I’ve been holding off writing this one. You need to be in the perfect mood to compose a rant: too much pent-up vitriol and you’ll just spew angry nonsensical drivel, too little and you’ll forget why you’re writing. I’m largely calm, and at peace—for now. But when I get out on the roads of Southern California, my calm turns to fury, fear and frustration.
You see, as it turns out, this state is home to the world’s most dangerous drivers. All of them, it appears.
I don’t know if a decision was made at some point to move all the world’s most dangerous drivers here. Maybe they migrate west for the winter but often struggle with the return journey? Or perhaps being reckless is more fun in warmer climates.
I’ve got some more feasible theories, actually. But first I’ll need to back up my ridiculously over the top claim. And I’ve got the anecdotal evidence and the white male confidence to do just that.
Holy shit where do I start. Okay. Fact number one: not a single southern Californian cares about the slow lane/fast lane system. I’m not even 100% sure it’s a thing here considering how each lane seems to be treated the same.
You know when you’re in the fast lane and someone with ideas above their station speeds past the inside of you and cuts in a few cars ahead? Well everyone does that out here. It’s a free-for-all.
On the other hand, you’ll also get chumps doing 40 in the fast lane, and it turns out aggressively tailgating them DOES NOT make them move over like it does in the UK.
Instead, cars will just dart between lanes, weaving around slow cars like they’re in a pinball machine, bouncing off metal and concrete while they frantically try and beat their high score.
In fact, drivers are just in a constant game of pinball. No matter how fast the traffic is moving, there will always be a slew of vehicles darting among the moving targets, counting down the time before they get thwacked back the other way by the flippers. (The pinball machine flippers. Is this analogy working? I think not.)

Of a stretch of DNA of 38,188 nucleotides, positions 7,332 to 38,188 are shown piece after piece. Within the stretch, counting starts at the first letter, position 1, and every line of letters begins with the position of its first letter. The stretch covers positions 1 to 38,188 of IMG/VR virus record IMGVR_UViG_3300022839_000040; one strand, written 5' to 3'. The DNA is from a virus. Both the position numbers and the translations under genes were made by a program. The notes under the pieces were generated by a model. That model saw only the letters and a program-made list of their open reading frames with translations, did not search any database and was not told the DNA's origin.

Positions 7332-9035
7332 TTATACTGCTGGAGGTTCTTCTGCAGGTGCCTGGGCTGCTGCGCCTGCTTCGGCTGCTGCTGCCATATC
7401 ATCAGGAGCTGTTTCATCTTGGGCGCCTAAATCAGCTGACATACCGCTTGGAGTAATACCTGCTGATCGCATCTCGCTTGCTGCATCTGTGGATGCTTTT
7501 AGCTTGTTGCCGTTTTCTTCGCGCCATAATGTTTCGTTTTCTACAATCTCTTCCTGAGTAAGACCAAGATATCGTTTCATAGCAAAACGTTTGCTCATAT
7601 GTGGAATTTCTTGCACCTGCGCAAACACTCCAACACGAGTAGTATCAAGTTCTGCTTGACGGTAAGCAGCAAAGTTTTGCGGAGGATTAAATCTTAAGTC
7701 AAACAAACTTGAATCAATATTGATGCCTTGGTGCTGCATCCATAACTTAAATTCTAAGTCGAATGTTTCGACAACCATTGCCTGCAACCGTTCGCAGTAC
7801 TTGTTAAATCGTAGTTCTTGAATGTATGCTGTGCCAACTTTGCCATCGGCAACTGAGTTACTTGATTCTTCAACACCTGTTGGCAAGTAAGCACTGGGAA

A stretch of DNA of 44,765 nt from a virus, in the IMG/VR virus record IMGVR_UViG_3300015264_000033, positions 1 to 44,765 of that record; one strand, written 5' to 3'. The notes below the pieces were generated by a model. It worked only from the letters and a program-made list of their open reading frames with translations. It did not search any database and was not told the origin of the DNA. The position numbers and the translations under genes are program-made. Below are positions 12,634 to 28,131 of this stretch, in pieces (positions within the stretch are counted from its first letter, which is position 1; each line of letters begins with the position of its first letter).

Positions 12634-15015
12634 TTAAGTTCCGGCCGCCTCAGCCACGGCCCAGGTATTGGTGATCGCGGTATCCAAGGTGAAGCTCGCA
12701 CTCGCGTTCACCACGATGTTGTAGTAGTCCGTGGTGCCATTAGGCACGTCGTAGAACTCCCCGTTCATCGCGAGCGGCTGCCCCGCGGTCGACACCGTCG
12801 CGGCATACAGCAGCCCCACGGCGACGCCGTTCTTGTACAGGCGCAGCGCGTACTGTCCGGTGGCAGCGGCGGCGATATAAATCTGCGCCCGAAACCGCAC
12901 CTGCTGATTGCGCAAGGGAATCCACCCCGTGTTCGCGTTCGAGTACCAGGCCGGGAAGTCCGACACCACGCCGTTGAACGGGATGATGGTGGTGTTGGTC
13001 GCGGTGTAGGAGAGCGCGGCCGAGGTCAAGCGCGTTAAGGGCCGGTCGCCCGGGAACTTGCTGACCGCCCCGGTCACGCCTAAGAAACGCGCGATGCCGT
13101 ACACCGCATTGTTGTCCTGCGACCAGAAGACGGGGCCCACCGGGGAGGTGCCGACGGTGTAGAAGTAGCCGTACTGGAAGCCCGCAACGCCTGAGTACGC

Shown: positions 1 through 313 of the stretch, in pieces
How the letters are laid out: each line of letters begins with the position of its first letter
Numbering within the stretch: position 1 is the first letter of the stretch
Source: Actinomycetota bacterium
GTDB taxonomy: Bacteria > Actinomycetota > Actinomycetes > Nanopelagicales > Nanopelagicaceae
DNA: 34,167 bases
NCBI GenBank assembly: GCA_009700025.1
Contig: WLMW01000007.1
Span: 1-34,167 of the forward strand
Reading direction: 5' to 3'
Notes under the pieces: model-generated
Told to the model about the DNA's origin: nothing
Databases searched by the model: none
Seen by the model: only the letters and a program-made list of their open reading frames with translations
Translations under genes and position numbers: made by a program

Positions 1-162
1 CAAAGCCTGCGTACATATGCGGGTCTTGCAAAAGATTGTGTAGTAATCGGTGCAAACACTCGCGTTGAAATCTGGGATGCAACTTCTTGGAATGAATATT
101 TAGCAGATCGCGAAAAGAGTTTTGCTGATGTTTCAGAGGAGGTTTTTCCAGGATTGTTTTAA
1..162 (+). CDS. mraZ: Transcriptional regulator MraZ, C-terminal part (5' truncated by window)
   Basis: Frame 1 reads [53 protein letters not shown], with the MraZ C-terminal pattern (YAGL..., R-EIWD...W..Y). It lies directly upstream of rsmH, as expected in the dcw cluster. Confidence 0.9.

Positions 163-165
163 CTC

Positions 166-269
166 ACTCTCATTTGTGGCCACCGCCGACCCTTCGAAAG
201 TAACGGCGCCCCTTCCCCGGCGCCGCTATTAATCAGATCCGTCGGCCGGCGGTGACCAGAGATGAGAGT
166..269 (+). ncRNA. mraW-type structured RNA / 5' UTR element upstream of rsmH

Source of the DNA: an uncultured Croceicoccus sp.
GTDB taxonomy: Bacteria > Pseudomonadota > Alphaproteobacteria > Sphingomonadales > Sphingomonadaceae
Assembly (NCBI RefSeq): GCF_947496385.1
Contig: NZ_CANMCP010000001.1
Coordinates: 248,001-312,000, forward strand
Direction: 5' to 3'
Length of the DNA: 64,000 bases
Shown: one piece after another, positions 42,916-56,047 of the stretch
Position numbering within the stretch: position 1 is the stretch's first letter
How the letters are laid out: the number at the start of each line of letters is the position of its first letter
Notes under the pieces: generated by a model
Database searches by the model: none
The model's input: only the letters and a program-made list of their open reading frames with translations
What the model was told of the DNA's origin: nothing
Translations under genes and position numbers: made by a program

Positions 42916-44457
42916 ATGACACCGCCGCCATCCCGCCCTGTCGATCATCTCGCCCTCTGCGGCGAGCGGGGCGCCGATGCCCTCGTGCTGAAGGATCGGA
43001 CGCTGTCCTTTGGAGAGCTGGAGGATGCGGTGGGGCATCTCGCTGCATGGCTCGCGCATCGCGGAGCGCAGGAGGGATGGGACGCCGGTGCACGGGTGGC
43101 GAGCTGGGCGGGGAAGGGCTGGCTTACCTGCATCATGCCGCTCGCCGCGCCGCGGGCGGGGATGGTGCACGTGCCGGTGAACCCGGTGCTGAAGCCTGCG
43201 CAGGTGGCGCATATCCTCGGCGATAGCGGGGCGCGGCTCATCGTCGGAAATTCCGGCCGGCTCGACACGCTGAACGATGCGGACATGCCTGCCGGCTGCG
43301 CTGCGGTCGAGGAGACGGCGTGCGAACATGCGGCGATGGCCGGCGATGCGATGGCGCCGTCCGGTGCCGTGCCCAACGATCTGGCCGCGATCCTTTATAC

While driving is often nightmarish, there's always plenty of amusement to be found
Here’s another hard-to-believe stat. The car I drive is the only vehicle in SoCal with indicator lights! I know it sounds made up, but how else would you explain the fact that, despite having a cute word for them (blinkers), I don’t think I’ve ever seen one being deployed.
If you’re driving on a road with multiple lanes (which is nearly every road around here), something else you need to be constantly vigilant for is sudden lane changes from nearby cars. There’s no way of predicting when drivers out here will change lanes. Sometimes they do it for the hell of it.
Other times it’s because of debris. Of which there’s an alarming amount—whether it’s bits of truck tire or remnants of the last roadwork (oh yeh, it’s singular in US English).
Or, in what was certainly the closest I’ve ever got to that horrifying road-based scene in Final Destination, having to dodge massive barrels falling off a severely unstable flatbed which had wire meshing being used as a wall. At least I had a good excuse for my abrupt lane hopping.
What’s particularly irksome though is the lack of good old-fashioned letting someone in. Whether that’s at a junction, on a slip road or in a parking lot—you’ll be thoroughly ignored by every single car that passes.